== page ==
Reunited Bela Fleck & the Flecktones offer transcendent concert at the Michigan Theater
Hippies, jazzbos, folkies and the just-plain-curious were equally knocked out by the reunited, original quartet, which fused jazz, funk, bluegrass, rock and anything else you can think of into a wholly satisfying, often jaw-dropping performance that showed that its members have all matured during their lengthy hiatus as a band.
Anchored by Fleck, who advances the capabilities of the banjo every time he touches the instrument, the Flecktones mixed classic material from their handful of initial releases together with tunes from their latest release, 2011’s Grammy Award-winning “Rocket Science.”
It’s fitting the reunion tour would come to Ann Arbor, where the original band delivered a clutch of performances at The Ark during the 1990s that helped cement its reputation as a musical tour de force.
“We really like Ann Arbor very, very much,” Fleck said during one of the show’s infrequent between-song chats.
And on Thursday, just as during those long-ago shows, the feeling was very, very mutual.
Monk meets Monroe. Brubeck meets the banjo the temptation to come up with comparative descriptors is hard to avoid. Yet the fact is that Fleck and the Flectones are unclassifiable. Always have been.
On Thursday, songs started out like straight-ahead funk workouts, only to morph and modulate through avant jazz, acid rock and world music, only to resolve back to da funk.
And in bassist Victor Wooten, the Flecktones have the funkiest jazz bassist in the land. Or is the jazziest rock bassist? Slapping, tapping and thumping out the most extraordinary rhythms, Wooten didn’ hit a bad note throughout Thursday’s show. Inventive, yet never intrusive, his playing melded the traditional role of the bass with a new role as a lead instrument.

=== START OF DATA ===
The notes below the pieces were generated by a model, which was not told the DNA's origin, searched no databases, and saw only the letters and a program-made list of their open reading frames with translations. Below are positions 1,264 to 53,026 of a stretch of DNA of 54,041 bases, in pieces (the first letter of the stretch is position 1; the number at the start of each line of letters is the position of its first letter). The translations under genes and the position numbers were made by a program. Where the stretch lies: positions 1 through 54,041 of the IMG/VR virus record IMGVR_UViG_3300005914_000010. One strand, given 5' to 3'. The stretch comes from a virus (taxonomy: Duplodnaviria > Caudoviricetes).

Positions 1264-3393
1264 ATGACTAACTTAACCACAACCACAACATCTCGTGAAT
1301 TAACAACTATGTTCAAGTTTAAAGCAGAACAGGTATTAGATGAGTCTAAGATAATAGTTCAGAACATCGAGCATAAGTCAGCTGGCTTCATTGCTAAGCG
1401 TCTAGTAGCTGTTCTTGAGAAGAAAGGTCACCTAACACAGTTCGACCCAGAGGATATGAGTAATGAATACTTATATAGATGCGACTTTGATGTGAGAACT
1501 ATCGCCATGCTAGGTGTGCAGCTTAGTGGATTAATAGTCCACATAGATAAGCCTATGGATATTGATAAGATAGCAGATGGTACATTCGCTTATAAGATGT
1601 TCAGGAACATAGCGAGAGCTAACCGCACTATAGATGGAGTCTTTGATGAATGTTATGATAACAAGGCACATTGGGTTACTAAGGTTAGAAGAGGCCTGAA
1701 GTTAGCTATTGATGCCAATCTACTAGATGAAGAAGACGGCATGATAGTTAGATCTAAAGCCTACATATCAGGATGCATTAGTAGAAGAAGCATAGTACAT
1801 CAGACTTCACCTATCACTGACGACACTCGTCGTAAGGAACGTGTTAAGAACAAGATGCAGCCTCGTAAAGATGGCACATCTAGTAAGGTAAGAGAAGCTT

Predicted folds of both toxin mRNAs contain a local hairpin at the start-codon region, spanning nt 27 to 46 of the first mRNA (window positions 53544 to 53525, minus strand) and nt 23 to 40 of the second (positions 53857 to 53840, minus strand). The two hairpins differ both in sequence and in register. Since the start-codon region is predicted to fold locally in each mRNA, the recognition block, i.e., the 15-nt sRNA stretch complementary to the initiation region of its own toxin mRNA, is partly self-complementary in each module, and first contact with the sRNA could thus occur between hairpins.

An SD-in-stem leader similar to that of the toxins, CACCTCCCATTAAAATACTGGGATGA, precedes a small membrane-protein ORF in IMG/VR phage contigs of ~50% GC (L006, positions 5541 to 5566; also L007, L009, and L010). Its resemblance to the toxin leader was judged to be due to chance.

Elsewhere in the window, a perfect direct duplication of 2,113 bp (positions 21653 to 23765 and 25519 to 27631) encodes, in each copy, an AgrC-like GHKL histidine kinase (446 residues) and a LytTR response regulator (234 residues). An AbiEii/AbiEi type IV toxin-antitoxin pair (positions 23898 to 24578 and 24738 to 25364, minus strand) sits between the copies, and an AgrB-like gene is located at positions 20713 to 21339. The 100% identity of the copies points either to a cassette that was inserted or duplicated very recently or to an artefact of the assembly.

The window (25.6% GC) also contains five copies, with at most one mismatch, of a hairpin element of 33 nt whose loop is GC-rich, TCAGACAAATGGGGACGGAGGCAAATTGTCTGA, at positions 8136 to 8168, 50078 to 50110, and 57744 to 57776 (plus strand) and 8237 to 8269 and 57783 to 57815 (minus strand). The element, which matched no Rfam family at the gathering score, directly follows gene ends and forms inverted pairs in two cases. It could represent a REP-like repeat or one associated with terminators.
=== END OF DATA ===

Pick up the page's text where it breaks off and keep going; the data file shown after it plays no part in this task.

Wooten shared rhythm-section duties with his brother, Futureman, who split his time between his own Drumitar electronic drumset and traditional percussion, laying down an insistent foundation upon which the arrangements were built, torn down and rebuilt in different formations.
Decades removed from his emergence as a teenaged phenom with the New Grass Revival, Fleck himself has grown into a player of unsurpassed depth and inventiveness. Even surrounded by fellow virtuosi, his brilliance as both a composer and improviser consistently shone through the arrangements.
For all mastery on display, the Flecktones can occasionally lapse into a somewhat brittle precision that threatens the heart of the music. But not with Howard Levy back in the fold. Levy’s harmonica playing lent an earthy authenticity to the performance, and his solo rendition of “Amazing Grace” received the evening’s biggest individual ovation. Meanwhile, his piano playing frequently kicked the music into the avant-jazz cosmos.
On Thursday, the Flecktones, who clearly are enjoying performing together again, didn’t need much prodding. And the audience was the lucky recipient of the band’s inter-stellar musical rocket ride.